Study: Millennials Are Not Lazier Than Boomers
Researchers primarily based out of Wayne State University were curious what the scientific literature had to say about the oft-stated stereotype, so they conducted a massive search for studies conducted on Americans that measured work ethic, specifically the "Protestant" model, which emphasizes hard work, discipline, and frugality. In total, 105 studies fit the bill.
Some of the studies the researchers found did not directly compare generational groups, so they were forced to get a little inventive. Using the average age of the study groups and the date the respective research was published, the researchers categorized the groups by generation.
"For example, Christopher et al. (2008) reported an average age of 42 years and mean PWE score of 4.94 on a 1–7 response range. Since the study was published in 2008, we subtracted 42 from 2008 to determine that the average participant in the sample was born in 1966. Since those born in 1966 are part of Generation X, this study would be considered a sample of Generation Xers," they described.
That method produced 38 Baby Boomer samples, 31 Generation X samples, and 36 Millennial samples. When the researchers compared the groups' worth ethic scores, they found no difference. In fact, the scores were all nearly identical.
But this method was obviously susceptible to bias. Because the researchers averaged the ages in each group, so-called "Baby Boomer" samples could also include members from younger generations, and so-called "Millennial" samples could include members from older generations. To remedy this glaring problem, the researchers narrowed the study groups down to only those where the vast majority of subjects fit into a single generational age bracket.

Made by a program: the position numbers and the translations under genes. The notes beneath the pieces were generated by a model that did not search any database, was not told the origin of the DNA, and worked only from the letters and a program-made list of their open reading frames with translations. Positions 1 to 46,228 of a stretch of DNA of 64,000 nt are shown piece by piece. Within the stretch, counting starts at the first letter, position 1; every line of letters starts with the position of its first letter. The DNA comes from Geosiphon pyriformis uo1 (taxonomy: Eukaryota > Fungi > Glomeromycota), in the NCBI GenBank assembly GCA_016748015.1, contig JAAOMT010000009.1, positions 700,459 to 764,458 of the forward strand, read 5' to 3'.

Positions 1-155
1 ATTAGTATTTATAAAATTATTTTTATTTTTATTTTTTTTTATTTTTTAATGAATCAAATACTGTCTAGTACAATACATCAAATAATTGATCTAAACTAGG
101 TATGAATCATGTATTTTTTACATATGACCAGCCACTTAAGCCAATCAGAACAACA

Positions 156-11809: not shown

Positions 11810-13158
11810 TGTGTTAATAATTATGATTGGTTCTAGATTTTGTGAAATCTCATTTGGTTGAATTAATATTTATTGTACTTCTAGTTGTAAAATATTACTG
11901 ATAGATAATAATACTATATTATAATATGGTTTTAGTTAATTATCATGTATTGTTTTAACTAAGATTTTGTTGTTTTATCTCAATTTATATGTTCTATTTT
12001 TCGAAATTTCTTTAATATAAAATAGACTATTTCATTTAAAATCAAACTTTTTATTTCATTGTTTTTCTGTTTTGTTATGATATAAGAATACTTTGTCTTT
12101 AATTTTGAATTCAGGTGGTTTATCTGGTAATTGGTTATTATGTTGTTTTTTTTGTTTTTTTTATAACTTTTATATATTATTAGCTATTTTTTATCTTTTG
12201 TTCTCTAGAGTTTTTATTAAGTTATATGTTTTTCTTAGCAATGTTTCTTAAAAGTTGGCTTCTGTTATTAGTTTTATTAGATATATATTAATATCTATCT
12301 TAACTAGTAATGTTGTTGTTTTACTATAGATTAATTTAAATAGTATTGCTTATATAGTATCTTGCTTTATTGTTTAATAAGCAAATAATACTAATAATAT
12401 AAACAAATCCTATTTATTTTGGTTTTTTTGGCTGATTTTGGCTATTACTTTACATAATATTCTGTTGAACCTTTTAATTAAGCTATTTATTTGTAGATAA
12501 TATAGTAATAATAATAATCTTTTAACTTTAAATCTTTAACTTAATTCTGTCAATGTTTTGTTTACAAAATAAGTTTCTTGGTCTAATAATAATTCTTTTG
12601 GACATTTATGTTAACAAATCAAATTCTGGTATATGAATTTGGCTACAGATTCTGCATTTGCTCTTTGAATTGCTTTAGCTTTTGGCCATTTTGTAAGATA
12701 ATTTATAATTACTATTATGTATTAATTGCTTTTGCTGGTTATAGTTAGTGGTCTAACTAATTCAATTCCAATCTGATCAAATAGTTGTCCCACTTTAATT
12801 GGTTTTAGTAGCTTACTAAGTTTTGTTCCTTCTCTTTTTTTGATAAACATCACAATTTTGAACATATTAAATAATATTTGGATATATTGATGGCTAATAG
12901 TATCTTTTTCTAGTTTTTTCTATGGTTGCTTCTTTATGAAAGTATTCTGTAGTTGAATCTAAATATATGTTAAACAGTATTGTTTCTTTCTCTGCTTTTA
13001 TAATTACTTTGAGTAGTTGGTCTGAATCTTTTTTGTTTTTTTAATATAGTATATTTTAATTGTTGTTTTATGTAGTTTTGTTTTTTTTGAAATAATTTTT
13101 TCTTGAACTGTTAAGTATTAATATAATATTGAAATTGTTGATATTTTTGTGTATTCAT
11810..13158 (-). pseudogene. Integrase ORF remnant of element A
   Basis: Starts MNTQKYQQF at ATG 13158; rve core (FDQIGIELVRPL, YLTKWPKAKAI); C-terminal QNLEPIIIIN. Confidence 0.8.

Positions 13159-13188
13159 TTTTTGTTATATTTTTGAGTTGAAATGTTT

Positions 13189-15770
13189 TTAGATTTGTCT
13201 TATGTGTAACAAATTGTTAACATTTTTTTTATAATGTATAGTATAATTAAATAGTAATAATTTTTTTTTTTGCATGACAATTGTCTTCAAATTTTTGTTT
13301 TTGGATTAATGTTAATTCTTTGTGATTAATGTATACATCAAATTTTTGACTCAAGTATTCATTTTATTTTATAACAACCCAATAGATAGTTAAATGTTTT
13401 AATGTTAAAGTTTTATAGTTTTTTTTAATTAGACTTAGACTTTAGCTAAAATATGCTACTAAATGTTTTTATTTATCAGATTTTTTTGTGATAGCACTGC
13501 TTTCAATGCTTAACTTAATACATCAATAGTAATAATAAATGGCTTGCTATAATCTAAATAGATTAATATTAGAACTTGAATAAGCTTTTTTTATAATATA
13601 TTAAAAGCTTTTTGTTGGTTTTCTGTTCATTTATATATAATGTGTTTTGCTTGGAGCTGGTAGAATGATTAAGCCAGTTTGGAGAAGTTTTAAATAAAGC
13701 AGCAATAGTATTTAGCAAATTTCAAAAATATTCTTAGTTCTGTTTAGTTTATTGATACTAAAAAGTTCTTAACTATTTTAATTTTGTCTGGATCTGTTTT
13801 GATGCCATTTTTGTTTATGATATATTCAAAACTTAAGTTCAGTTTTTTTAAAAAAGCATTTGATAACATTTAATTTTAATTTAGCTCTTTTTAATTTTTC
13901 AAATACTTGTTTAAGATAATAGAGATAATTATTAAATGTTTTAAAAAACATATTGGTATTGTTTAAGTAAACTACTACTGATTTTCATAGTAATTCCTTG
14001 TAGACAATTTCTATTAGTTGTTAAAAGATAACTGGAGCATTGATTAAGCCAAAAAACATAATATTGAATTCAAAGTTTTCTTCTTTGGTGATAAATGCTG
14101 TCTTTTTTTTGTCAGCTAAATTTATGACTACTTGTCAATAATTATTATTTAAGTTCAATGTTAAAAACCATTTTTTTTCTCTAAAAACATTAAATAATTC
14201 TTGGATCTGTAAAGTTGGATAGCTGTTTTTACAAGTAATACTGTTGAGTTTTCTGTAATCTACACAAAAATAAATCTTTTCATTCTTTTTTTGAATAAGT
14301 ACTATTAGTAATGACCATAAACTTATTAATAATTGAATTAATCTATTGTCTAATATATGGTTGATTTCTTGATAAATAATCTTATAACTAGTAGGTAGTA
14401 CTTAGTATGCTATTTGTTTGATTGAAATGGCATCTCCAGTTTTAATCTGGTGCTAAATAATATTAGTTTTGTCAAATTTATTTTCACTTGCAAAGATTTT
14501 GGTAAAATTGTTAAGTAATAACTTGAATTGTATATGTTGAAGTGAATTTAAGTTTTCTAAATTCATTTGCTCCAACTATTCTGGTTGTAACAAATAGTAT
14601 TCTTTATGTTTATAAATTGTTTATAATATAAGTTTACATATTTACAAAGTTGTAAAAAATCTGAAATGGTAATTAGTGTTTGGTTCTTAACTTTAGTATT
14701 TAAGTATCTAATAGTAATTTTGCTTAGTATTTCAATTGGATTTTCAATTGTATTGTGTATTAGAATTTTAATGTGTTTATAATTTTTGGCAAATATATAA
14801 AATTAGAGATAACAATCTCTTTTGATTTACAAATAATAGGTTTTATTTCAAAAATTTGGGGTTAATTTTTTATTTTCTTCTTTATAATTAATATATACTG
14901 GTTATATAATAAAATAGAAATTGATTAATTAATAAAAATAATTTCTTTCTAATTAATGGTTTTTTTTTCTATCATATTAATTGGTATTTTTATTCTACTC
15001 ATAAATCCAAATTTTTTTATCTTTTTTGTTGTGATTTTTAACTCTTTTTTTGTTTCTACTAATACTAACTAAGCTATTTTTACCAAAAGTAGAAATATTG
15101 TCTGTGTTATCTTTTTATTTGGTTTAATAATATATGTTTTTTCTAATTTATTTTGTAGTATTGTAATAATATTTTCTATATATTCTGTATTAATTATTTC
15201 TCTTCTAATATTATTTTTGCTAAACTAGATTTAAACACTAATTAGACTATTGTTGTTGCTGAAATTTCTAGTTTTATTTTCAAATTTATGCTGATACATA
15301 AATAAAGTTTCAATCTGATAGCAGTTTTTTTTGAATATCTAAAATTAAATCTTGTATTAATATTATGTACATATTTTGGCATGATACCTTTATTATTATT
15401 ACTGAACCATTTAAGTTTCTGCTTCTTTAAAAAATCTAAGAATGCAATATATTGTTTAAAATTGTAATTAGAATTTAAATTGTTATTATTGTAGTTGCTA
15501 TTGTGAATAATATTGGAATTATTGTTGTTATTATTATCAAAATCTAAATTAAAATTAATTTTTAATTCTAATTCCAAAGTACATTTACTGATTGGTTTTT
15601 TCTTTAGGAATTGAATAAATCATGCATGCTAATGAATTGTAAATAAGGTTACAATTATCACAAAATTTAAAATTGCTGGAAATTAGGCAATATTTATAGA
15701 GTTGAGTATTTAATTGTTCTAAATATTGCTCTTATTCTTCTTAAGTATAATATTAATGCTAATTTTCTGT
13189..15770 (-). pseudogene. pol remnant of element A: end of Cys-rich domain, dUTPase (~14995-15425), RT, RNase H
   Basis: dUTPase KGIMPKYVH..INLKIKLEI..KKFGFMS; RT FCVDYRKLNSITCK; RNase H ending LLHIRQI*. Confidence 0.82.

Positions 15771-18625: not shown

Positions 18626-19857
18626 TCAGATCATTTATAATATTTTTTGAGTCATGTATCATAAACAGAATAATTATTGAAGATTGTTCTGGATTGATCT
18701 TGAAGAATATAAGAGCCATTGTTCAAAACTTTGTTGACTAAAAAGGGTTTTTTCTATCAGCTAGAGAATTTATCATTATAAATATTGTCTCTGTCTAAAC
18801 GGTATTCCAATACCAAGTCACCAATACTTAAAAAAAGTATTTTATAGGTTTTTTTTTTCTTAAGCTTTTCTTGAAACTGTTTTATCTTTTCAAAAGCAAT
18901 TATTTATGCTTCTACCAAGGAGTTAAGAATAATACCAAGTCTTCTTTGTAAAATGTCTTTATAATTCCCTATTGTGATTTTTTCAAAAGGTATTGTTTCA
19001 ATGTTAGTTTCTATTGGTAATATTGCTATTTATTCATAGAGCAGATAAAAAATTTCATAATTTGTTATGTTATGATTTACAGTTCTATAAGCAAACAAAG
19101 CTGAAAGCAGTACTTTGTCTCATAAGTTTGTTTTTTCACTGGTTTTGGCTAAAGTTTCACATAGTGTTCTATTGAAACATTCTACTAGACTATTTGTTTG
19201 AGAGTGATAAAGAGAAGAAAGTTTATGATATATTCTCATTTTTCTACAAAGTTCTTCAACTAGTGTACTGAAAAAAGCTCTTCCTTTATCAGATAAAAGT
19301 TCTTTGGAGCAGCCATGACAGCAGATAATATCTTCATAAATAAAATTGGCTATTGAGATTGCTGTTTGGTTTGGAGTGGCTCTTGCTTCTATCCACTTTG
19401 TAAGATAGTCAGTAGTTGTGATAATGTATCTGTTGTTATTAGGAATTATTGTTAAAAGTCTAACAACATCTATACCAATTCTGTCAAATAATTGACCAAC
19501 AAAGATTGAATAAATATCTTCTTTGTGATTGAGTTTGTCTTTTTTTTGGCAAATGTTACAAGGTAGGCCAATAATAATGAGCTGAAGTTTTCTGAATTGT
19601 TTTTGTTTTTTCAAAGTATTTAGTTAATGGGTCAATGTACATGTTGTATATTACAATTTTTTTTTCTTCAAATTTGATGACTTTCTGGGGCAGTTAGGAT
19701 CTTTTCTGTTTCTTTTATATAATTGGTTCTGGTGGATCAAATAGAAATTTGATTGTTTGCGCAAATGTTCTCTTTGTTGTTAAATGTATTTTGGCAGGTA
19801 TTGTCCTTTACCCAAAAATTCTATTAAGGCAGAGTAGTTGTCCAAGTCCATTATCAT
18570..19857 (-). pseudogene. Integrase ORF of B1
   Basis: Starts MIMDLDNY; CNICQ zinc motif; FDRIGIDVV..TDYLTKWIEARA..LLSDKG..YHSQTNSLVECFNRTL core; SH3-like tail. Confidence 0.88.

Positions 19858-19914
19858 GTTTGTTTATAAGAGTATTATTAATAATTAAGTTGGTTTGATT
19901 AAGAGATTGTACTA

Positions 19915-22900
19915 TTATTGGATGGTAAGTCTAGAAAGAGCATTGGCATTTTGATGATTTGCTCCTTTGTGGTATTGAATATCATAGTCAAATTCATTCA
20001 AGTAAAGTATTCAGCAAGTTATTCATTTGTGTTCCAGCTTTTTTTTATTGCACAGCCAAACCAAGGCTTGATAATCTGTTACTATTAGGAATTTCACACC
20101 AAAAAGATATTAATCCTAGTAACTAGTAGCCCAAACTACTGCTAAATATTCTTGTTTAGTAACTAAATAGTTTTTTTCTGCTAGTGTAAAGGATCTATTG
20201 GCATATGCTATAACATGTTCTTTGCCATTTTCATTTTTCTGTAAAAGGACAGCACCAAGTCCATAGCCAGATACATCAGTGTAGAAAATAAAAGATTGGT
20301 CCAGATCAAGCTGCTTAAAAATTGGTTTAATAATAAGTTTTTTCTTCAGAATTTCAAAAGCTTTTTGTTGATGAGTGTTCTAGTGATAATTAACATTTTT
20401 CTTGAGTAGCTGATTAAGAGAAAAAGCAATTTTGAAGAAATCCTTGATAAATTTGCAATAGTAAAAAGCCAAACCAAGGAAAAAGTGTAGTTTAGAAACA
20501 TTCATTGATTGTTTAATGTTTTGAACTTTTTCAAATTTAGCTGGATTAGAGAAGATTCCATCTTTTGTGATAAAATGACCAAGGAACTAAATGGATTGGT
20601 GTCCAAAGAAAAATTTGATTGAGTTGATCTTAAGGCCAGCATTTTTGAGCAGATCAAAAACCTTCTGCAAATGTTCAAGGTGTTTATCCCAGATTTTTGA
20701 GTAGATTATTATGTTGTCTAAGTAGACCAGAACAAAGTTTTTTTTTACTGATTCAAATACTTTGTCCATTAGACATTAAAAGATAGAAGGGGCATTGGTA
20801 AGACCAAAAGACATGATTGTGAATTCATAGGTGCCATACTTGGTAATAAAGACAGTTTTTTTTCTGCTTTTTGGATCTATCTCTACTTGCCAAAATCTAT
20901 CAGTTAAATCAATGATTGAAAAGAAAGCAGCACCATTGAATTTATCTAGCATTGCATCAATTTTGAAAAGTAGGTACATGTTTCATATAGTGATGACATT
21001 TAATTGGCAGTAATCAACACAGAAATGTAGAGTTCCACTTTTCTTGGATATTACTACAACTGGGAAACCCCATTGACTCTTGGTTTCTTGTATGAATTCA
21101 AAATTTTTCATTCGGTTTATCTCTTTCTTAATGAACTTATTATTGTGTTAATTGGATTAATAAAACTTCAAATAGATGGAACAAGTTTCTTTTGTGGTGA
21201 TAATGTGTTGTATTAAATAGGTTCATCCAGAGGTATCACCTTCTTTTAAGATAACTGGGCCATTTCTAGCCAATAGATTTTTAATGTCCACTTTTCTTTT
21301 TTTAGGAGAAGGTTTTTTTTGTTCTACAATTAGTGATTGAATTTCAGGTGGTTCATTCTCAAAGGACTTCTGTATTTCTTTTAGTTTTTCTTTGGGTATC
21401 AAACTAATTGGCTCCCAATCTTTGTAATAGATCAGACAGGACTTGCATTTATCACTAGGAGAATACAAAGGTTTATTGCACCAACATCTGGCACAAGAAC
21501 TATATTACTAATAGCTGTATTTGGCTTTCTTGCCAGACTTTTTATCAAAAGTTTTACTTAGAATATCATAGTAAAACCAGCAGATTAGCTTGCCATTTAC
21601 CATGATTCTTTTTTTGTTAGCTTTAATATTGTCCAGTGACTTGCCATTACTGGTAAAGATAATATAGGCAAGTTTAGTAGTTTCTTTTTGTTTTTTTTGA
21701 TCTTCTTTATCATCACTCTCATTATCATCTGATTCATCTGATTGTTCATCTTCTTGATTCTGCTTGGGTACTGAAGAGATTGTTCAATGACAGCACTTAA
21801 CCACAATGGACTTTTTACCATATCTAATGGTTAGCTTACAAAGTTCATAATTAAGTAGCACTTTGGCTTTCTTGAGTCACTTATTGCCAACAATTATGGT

That left 55 groups: 14 Baby Boomers, 7 Generation Xers, and 23 Millennials. Again, the worth ethic scores were all essentially identical.
"Contrary to many popular press articles... results suggest there are no generational differences in Protestant work ethic," the researchers concluded.
Obviously, the methodology of the study isn't perfect, but the researchers should be commended for attempting to bring empirical evidence to a debate that has mostly been fueled by confirmation bias, workplace anecdotes, and the crotchety musings of Baby Boomers.
So, with the "Lazy Millennial" stereotype at least somewhat debunked, what can explain its prevalence?
Frankly, denigrating the young is simply what older generations do. While Boomers lambaste Millennials for cavorting on Facebook, chilling with Netflix, and texting away the day, the elder generation of a century past was scolding the young as well, albeit with a bit more eloquence. As psychologist and educator Granville Stanley wrote in 1904:
Never has youth been exposed to such dangers of both perversion and arrest as in our own land and day. Increasing urban life with its temptations, prematurities, sedentary occupations, and passive stimuli just when an active life is most needed, early emancipation and a lessening sense for both duty and discipline, the haste to know and do all befitting man's estate before its time, the mad rush for sudden wealth and the reckless fashions set by its gilded youth--all these lack some of the regulatives they still have in older lands with more conservative conditions.
But despite the harsh critiques from their forebears, the "Centennials" of the late 1800s and early 1900s turned out all right, soldiering through World War I, persisting through the Great Depression, and sacrificing mightily to win World War II. Millennials of today are sure to face hardships of their own, and, like their great-grandparents, will overcome them with similar aplomb.
Source: Zabel, K.L., Biermeier-Hanson, B.B.J., Baltes, B.B. et al. Generational Differences in Work Ethic: Fact or Fiction? J Bus Psychol (2016). doi:10.1007/s10869-016-9466-5